Men often, from infirmity of character, make their election for the nearer good, though they know it to be less valuable; and this no less when the choice is between two bodily pleasures than when it is between bodily and mental. They pursue sensual indulgences to the injury of health, though perfectly aware that health is the greater good. It may be further objected that many who begin with youthful enthusiasm for everything noble, as they advance in years, sink into indolence and selfishness. But I do not believe that those who undergo this very common change voluntarily choose the lower description of pleasures in preference to the higher. I believe that, before they devote themselves exclusively to the one, they have already become incapable of the other. Capacity for the nobler feelings is in most natures a very tender plant, easily killed, not only by hostile influences, but by mere want of sustenance; and in the majority of young persons it speedily dies away if the occupations to which their position in life has devoted them, and the society into which it has thrown them, are not favorable to keeping that higher capacity in exercise. Men lose their high aspirations as they lose their intellectual tastes, because they have not time or opportunity for indulging them; and they addict themselves to inferior pleasures, not because they deliberately prefer them, but because they are either the only ones to which they have access or the only ones which they are any longer capable of enjoying. It may be questioned whether anyone who has remained equally susceptible to both classes of pleasures ever knowingly and calmly preferred the lower, though many, in all ages, have broken down in an ineffectual attempt to combine both.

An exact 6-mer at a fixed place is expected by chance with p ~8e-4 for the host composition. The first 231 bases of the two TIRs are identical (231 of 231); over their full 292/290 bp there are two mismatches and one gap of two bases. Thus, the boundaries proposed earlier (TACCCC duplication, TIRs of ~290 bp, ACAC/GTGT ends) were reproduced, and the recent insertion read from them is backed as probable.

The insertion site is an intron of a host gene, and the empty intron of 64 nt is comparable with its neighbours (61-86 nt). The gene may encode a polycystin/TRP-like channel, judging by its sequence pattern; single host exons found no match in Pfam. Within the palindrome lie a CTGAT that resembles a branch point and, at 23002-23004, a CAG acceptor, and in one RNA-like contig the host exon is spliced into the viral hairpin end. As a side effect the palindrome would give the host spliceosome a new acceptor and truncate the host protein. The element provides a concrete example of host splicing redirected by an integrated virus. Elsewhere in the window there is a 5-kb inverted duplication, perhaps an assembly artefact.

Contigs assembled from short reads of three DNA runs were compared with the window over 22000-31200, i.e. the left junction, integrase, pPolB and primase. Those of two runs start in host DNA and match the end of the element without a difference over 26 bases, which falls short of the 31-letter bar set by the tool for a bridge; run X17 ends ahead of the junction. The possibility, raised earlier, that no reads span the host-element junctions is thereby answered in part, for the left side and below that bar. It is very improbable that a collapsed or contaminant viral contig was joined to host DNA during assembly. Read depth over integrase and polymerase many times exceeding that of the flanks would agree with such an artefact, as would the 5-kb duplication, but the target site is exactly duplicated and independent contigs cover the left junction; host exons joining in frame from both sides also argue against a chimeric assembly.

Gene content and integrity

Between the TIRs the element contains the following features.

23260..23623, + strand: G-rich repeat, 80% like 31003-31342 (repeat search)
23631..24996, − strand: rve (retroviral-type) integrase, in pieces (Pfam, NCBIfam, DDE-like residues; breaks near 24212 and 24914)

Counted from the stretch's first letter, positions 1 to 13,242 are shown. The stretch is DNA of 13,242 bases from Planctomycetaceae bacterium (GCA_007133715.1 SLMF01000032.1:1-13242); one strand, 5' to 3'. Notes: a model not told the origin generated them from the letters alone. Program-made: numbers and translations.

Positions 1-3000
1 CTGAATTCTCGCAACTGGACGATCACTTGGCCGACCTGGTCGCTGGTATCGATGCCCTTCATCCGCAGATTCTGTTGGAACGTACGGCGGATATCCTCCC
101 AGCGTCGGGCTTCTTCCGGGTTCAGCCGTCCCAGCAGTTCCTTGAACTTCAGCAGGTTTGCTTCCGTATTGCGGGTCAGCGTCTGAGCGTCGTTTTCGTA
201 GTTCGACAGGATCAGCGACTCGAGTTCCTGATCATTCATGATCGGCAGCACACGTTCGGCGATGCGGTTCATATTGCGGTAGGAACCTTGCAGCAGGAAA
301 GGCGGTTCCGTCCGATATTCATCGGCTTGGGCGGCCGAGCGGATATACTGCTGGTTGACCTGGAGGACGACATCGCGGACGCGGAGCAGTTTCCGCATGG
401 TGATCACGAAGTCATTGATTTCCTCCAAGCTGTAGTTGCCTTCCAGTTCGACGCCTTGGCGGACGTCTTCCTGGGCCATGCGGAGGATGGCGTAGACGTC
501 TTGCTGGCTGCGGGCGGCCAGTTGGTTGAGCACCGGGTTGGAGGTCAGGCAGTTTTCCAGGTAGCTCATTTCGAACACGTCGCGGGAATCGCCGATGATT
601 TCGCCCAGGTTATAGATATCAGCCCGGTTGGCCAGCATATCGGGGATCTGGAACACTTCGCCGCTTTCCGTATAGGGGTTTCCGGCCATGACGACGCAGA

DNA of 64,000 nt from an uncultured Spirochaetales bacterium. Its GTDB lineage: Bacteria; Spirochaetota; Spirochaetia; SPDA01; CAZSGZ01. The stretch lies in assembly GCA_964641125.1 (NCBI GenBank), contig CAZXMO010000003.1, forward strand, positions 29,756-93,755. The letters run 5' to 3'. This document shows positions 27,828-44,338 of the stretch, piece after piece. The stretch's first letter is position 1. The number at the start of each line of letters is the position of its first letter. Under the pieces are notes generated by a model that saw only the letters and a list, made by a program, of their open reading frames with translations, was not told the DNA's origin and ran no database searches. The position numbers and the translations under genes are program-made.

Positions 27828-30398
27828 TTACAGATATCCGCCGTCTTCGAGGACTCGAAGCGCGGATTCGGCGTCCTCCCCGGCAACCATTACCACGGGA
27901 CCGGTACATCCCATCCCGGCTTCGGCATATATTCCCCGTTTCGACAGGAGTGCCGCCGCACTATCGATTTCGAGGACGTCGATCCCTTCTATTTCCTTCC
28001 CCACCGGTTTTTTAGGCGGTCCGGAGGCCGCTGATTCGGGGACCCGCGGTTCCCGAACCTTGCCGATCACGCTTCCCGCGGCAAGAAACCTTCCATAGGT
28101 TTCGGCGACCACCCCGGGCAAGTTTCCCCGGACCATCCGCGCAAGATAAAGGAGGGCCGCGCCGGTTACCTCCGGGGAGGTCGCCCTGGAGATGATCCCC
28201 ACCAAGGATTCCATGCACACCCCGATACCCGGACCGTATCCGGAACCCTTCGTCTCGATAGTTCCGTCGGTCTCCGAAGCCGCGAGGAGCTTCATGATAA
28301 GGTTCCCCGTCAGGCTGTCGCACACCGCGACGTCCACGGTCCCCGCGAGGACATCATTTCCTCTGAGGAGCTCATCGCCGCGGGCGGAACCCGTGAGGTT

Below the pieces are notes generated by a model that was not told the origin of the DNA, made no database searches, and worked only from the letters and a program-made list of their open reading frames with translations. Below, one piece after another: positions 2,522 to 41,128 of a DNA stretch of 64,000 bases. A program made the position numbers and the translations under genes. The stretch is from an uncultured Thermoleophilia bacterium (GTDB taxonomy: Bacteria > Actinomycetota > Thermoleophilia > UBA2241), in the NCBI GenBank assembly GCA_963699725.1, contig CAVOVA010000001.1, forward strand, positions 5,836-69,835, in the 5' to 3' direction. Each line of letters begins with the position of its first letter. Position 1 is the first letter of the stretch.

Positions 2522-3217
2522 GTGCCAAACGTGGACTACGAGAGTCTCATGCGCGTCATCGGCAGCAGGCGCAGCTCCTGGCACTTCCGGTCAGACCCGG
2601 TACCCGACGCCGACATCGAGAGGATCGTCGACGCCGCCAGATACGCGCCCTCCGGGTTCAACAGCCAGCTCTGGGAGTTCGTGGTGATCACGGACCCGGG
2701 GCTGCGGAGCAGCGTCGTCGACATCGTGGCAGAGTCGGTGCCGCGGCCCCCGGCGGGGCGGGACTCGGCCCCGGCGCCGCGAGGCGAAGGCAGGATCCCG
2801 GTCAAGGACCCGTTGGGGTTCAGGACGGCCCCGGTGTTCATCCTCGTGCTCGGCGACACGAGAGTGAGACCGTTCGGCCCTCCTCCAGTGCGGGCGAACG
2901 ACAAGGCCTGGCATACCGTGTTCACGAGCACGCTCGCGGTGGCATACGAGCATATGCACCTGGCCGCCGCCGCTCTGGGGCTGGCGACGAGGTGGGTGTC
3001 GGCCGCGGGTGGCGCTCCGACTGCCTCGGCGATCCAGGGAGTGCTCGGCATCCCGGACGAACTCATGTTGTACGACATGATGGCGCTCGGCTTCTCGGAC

John Stuart Mill, Utilitarianism, Chapter 2